If you have been thinking about making a start in hobby foundry work in your home workshop, you may be forgiven for thinking that the tools and equipment are going to cost you an arm and a leg, this need not be. Sure, you could trot off to the downtown industrial tools supplier and take home an arm full of expensive tools.
But if you take a good look at some of the tools, you'll discover that the design principles and fabrication could well be undertaken in the home workshop if you have metal fabrication skills and a reasonable amount of basic metal working equipment.
Take for instance "crucible lifting tongs", once you understand how these tools operate; you could quite easily make a set or two over a weekend. The basic design action operates on the "scissor principle" but they do not cut anything, they are designed to "clamp securely" onto the crucible to lift it out of the furnace when the metal has melted. Great caution needs to be taken while carrying out this operation, as one slip due to faulty or badly designed tongs, and you could have a disaster on your hands.
The best way to design and build a set of tongs is to copy a well made set, or to follow directions set out in a textbook or ebook downloaded from the net, we'll give you some links a little more on this article.
Some of the most frequently used basic tools you'll need in the hobby foundry are; Bench ramming moulders tool – Tube sprue cutter – turned wood sprues – slick & oval spoon – hand riddle or sand sieve – draw pins, screws & hooks – rapping bar and spike – gate cutter – strike off bar – sand carving tools (made from old hacksaw blades).
The tools mentioned above seem to be the ones that will be most used in your hobby foundry … and all of them can be home made if you have metal & wood working skills, it will take time and effort to make the tools required but they wont cost you a red cent if you make them from scrap materials, and if you are like most hobbyists you will know where to "scrounge stuff".
You may have to experiment with different ideas before you arrive at the most satisfactory design, but you will learn a great deal about why things have to be made in certain ways.
Do you own a wood lathe? Even a most basic machine will suffice in the home workshop, you could even make your own if you were sure enough, I guarrantee there are tens of thousands of home made wood lathes sitting in hobby workshops the world over. A wood lathe will repay itself many times over when you start to make patterns for your hobby foundry.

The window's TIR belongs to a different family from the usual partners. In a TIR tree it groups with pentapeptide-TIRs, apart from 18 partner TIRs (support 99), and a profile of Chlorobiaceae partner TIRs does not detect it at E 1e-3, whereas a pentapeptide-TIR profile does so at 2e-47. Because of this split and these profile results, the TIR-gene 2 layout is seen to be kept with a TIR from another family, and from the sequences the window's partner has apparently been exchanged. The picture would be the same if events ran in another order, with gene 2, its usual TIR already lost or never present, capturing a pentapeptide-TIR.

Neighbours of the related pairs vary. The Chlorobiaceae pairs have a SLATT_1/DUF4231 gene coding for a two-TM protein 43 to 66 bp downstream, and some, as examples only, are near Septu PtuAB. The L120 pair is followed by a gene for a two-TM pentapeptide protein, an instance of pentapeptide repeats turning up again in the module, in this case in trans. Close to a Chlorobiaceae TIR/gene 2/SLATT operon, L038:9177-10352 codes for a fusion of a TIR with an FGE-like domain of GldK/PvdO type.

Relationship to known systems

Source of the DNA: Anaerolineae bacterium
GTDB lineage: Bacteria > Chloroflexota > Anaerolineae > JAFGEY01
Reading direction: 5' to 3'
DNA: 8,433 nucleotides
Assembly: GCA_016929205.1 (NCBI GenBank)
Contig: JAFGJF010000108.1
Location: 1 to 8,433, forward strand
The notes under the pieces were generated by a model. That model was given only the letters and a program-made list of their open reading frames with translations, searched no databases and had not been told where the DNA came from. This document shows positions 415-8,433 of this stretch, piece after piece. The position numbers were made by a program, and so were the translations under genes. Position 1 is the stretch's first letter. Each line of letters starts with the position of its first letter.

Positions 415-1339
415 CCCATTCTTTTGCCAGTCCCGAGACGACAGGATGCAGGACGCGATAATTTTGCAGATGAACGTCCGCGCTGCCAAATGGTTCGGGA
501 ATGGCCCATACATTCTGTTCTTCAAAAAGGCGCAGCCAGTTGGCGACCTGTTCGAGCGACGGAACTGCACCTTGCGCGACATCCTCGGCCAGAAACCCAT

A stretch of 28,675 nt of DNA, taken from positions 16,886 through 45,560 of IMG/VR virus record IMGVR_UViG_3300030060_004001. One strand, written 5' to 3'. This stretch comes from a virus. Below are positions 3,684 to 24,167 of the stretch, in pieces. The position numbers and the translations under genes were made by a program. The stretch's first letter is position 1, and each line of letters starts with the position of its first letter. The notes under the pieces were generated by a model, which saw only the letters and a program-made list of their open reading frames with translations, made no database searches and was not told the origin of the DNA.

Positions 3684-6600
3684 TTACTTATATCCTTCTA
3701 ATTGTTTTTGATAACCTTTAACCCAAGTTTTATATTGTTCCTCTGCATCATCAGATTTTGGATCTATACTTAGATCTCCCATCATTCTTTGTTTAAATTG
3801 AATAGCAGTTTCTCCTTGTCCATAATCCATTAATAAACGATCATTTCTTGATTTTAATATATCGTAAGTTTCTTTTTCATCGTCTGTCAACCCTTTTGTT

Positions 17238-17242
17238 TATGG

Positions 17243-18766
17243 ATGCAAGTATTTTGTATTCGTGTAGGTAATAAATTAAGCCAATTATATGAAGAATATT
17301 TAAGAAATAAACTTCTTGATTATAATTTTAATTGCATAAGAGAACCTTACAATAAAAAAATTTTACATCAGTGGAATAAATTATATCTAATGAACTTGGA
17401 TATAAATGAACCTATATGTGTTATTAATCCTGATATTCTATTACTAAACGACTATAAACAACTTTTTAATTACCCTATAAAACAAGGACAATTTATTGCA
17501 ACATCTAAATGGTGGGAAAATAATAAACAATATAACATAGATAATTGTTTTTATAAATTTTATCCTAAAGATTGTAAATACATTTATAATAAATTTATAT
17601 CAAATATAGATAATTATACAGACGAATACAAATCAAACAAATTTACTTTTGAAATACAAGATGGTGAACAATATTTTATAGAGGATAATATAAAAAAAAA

Your bench-ramming tool can be quickly turned to shape on your wood lathe, in fact, while you're at it, make two or three of them in different shapes & sizes, they will all come in handy when ramming and molding patterns of varying sizes, you could get away with a single tool, but you wont regret making extra tools.
After a pattern has been completely rammed in a sand mold, and before the metal is scattered, the pattern has to be removed without disturbing any of the surrounding sand. Draw pins and spikes are used to remove timber patterns from sand molds.
Simple draw pins can easily be fabricated from long slender wood screws, particleboard screws are ideal. The easiest way to convert woodscrews into draw pins is to braze-weld a short length of 1/4 "dia mild steel rod onto the head of the screw … that is all you need to do … make a set of them with different gauge screws as well long and short ones and you should have the field covered as far as lifting pins or draw spikes go … simple is not it.
Blunt hacksaw blades are usually thrown in the bin, from now on you should save them, as many useful little hobby foundry tools can be made from old saw blades, quite often small sand carving tools can be quickly made by grinding and shaping using a normal bench grinder.
By being resourceful and thinking how you can use scrap materials, you should see now that there is absolutely no need to spend large amounts of money to get the tools and things you need for your hobby. If you are not sure about your own building & fabricating abilities then you should always ask advice.